What are the different types of organizational-industrial psychology degree programs?

Postgraduate study in organizational-industrial psychology at the doctoral level is strongly grounded in research theory and application.

Degree programs in organizational-industrial psychology are typically offered in two different orientations: practitioner-oriented and scientific practitioner-oriented. The practice-oriented type of degree is usually a terminal master’s degree that prepares students to work as an organizational-industrial psychologist, while a scientific practice-level model prepares students to continue studies at the doctoral level. At the doctoral study level, students can almost always expect the rigors of the scientific-practical model. In the field of organizational-industrial psychology, the difference in the type of degree usually determines the type of career the professional will have. Those who graduate with a terminal master’s degree usually work for a company applying their qualifications in human resources and management matters, while those who continue at the doctoral level usually end up working in the academic field or conducting research.

Students considering degree programs in organizational-industrial psychology after completing their bachelor’s degree need to first understand what kind of career they want. Working as an applied industrial-organizational psychologist often means working closely with human resources departments and managers on key issues related to employee or organizational performance. As such, a terminal degree at the master’s level is generally practice-oriented, and the student will focus studies in the main theoretical areas of organizational-industrial psychology applied in an organizational setting. Research training is often included; however, training is rarely broad in scope at this level, often consisting of only one or two research courses.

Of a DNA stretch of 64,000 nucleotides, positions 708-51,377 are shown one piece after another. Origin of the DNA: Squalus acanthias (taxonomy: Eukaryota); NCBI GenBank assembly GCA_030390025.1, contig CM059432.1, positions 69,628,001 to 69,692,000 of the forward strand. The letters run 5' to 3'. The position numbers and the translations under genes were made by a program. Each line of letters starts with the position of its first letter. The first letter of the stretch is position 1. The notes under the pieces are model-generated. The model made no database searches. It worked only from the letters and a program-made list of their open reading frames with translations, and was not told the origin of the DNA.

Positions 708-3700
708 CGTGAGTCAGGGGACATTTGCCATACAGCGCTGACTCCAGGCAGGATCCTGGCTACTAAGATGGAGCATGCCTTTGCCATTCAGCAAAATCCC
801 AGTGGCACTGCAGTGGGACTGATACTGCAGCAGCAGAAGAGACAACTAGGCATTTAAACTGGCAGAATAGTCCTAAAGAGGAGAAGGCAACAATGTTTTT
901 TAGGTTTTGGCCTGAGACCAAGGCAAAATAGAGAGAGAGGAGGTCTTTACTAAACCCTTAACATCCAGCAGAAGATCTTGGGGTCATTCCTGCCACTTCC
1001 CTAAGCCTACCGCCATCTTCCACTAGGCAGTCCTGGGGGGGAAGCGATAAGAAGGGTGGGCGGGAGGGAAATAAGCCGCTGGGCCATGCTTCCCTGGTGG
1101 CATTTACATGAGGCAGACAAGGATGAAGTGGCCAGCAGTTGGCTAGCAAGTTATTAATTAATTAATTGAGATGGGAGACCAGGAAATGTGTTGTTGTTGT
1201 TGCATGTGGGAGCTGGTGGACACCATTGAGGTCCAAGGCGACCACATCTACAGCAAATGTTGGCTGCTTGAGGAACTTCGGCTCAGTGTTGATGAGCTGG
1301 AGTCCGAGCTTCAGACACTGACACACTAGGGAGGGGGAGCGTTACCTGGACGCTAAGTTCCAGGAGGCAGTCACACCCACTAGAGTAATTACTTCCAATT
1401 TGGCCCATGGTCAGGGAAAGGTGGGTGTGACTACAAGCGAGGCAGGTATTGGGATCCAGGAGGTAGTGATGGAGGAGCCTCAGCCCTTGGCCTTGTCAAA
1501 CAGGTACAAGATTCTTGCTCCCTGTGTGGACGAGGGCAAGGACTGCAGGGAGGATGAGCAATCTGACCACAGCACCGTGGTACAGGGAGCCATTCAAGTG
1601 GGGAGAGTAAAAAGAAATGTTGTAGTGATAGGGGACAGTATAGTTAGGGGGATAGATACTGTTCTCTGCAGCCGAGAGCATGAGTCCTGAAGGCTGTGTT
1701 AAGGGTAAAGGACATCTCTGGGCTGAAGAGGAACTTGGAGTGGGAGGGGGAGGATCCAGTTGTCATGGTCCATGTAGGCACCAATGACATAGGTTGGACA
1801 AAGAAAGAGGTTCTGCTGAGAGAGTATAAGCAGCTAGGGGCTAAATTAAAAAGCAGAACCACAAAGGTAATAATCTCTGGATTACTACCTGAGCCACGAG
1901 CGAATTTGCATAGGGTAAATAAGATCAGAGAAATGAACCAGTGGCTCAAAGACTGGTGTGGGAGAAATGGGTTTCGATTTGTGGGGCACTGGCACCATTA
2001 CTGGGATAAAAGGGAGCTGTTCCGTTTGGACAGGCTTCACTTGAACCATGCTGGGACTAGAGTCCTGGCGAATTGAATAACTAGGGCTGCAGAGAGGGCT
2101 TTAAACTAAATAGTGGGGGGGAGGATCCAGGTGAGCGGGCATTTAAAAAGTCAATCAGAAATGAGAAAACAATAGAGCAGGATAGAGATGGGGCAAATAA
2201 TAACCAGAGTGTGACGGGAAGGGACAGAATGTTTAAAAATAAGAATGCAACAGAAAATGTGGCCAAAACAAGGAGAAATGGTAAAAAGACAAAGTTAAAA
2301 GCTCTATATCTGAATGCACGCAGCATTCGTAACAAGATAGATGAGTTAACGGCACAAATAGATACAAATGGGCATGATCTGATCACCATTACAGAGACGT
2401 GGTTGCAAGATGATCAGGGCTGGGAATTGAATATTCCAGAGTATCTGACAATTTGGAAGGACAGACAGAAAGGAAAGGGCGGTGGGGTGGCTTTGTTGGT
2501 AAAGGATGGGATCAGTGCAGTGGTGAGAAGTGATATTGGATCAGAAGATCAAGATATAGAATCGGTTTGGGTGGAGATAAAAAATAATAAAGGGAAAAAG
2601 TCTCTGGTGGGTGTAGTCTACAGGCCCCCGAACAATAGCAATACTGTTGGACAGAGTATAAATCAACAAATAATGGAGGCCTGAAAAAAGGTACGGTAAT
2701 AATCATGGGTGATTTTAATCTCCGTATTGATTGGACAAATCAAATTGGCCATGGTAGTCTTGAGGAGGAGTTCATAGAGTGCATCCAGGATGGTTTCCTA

Candidates entering Master’s-level organizational-industrial psychology degree programs, which are not terminal in nature but offer students a good balance of research and applied theory, are generally prepared to continue their studies at the doctoral level. While these students may also enter the job market after graduation, they are not prepared to take on research jobs, but neither will they have all the theoretical knowledge normally required to take on some applied positions. However, while they are prepared to study at the doctoral level, some students may take on junior positions in the field and work their way up to an experienced psychologist or research assistant position. Most of the time, however, these students will continue their studies towards a doctorate in the field of study.

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The postgraduate study in organizational-industrial psychology at the doctoral level is strongly grounded in the theory and application of research, including statistical methods and analysis. Preparation for major research projects, both in organizations and in academic environments, is the main focus. Completing the doctoral requirements will also give candidates the qualifications necessary to teach or lead degree programs in organizational-industrial psychology, which are usually limited to the graduate level, as undergraduate study often focuses on general psychology.

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